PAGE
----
Hello Flower Friend

May News

Welcome to our May edition of Flower Thoughts. We are happy to be once again sharing with you a variety of flower and design related news and information from a host of sources - snippets to inspire us all. For our May collection we've included news and views from the Japan Cup, the Coronation and information about our new exhibition of work by Australian Designer, David Berger.

Inspiration from Japan Cup 2023

For many floral design lovers who know about the Japan Cup it quickly makes it onto their bucket list. Japan’s annual competition to find the best florist of the year is held at Big Sight in Tokyo, where the top 100 finalists compete to win. Yes, 100! It’s a huge competition and the standard of designing and presentation is at a premium.  It’s a feast of inspiration. The 100 competitors come from previous qualifying competitions in prefectures around the country.

On a serendipitous weekend in April New Zealand Floral Artist, Rae Baxter, found herself in Tokyo on the weekend of the competition and was able to attend and tick the event off of her bucket list. Generously, Rae has shared a selection of photos with us. Thank you, Rae.

Photo - Yahoo! Japan

The winner was Akihiro Hisaka from ‘Blossom’ Flower Shop in Kakogawa City. In second place was Ryota Hisaka and in third 3rd place, Shinobu Kanazawa.

Fun Fact: Second place getter, Ryota, is Akihiro's (winner) son. Akihiro's other son, Yusuke, also made it through the qualifying rounds. So much design expertise and talent in one family!

Akihiro Hisak's set piece.
Photos - Facebook & Sohyoung Oh.

There were some masterful approaches to staging and mechanics.  Thanks to Rae, we have a few to share with you.

The theme for the main set exhibit was ‘Nothing is Impossible’ resulting in some presentations that certainly looked impossible - zippered stones and flimsy Iris leaves outstretched horizontally, holding bowls with the stones and other magically supported items.

Horizontal Iris leaves extending impossibly from vertical columns, supporting stones with zippers, opened to reveal clusters of flowers. Designer unknown.
Photos - Rae Baxter.

Belgium's Dream Combination 2023

Also on many flower people's bucket lists is Fleuramour, in Belgium. The event overflows with inspiration annually with contributions from a huge, international team of Designers and Artists. This year’s Fleuramour will run from 22 to 25 September, once again hosted in the historic castle of Alden Biesen - a dramatic backdrop for its spectacular floral displays.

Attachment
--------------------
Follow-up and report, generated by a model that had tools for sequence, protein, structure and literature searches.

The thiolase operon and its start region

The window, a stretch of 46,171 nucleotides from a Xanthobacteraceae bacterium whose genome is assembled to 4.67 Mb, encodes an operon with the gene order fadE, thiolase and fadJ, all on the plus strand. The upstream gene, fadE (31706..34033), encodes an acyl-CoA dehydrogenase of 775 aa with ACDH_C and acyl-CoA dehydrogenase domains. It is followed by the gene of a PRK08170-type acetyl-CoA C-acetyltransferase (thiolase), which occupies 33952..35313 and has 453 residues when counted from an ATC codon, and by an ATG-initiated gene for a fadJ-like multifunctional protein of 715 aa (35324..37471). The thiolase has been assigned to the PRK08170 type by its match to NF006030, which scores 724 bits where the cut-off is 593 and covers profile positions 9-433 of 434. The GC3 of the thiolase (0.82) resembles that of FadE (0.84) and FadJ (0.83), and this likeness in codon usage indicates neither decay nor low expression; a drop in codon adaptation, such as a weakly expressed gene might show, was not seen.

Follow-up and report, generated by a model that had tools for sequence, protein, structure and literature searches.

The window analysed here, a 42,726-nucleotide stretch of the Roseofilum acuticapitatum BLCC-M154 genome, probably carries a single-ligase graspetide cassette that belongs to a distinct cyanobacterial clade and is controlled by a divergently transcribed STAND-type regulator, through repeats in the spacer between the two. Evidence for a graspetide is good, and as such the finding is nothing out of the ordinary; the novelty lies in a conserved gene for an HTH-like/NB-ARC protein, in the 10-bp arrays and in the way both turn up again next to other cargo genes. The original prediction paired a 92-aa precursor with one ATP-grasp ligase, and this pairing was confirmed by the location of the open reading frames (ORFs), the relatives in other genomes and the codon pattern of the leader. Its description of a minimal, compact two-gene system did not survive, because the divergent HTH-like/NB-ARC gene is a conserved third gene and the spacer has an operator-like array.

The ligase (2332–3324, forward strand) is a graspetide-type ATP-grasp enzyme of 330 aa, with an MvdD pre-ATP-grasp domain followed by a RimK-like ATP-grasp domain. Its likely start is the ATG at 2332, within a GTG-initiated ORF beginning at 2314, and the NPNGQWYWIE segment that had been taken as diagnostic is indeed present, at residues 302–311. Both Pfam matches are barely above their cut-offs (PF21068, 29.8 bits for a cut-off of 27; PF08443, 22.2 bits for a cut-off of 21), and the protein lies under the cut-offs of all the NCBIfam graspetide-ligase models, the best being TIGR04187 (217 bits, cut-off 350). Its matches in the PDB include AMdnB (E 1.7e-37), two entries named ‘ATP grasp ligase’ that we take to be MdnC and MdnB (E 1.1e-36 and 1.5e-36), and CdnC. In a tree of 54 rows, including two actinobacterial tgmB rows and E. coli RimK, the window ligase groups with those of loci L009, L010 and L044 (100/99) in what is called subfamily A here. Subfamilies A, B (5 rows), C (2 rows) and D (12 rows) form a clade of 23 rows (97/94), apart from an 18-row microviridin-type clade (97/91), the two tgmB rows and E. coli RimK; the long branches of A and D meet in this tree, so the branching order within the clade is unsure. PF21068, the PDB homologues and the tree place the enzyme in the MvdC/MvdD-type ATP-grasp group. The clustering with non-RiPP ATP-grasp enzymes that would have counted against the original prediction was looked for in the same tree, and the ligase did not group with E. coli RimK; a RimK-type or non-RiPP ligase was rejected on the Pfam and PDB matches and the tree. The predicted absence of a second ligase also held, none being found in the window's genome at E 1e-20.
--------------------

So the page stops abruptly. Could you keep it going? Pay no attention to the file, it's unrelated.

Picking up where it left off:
The theme for 2023 is ‘Flowers & Music: A Dream Combination’ and tickets are available now.

Fleuramour includes indoor room displays and outdoor installations, along with floral demonstrations, workshops, floral fashion shows and a floral hat parade.

Tempted to add Fleuramour to your bucket list?  Or to attend and cross it off? Here’s a link to more information:

Fleuramour 2023 - Information & Tickets
Glimpses of a room decoration at Fleuramour 2022 by Moniek Vanden Berghe.
Photos - Moniek Vanden Berghe

Thinking About Visual Balance

Do you struggle with achieving a good asymmetrical result? Oftentimes, successful asymmetry can be something that we leave to chance - an afterthought to our starting concept or design style. Clear and decisive asymmetry can contribute  significantly to the overall harmony of your design.

Here are some tips on ways to explore asymmetry for better results.


  1. Actively incorporate areas of negative space in your approach to create asymmetrical balance.
  2. Carefully contemplate and choose the sizes of the materials you are working with and how the size and placement of each affects the balance of the entire composition.
  3. Start the composition with the mechanics (the framework, props, structure, container, etc.) to one side, to establish asymmetry early in the design process. 
  4. If the design involves working into a container, start to one side of the opening or mouth to establish interesting balance from the start.
  5. Use an imaginary axis superimposed onto your design to help you visualise how the visual weight is distributed and could be adjusted for better effect.
By investigating and applying these tips (and others), you can achieve exciting, captivating asymmetrical floral arrangements that have strong impact and beauty.

For more details, examples and further tips, click through to our latest blog:

Blog - Thinking About Balance

Design Discoveries with David Berger

We have a new online exhibition featuring talented Australian Floral Designer, David Berger AIFD PFCI. The diverse selection of work depicts a re-energising of his creative process. The presentation amply demonstrates David's masterful ability to handle high volumes of material - a considered approach to mass styles which is decisive and purposeful.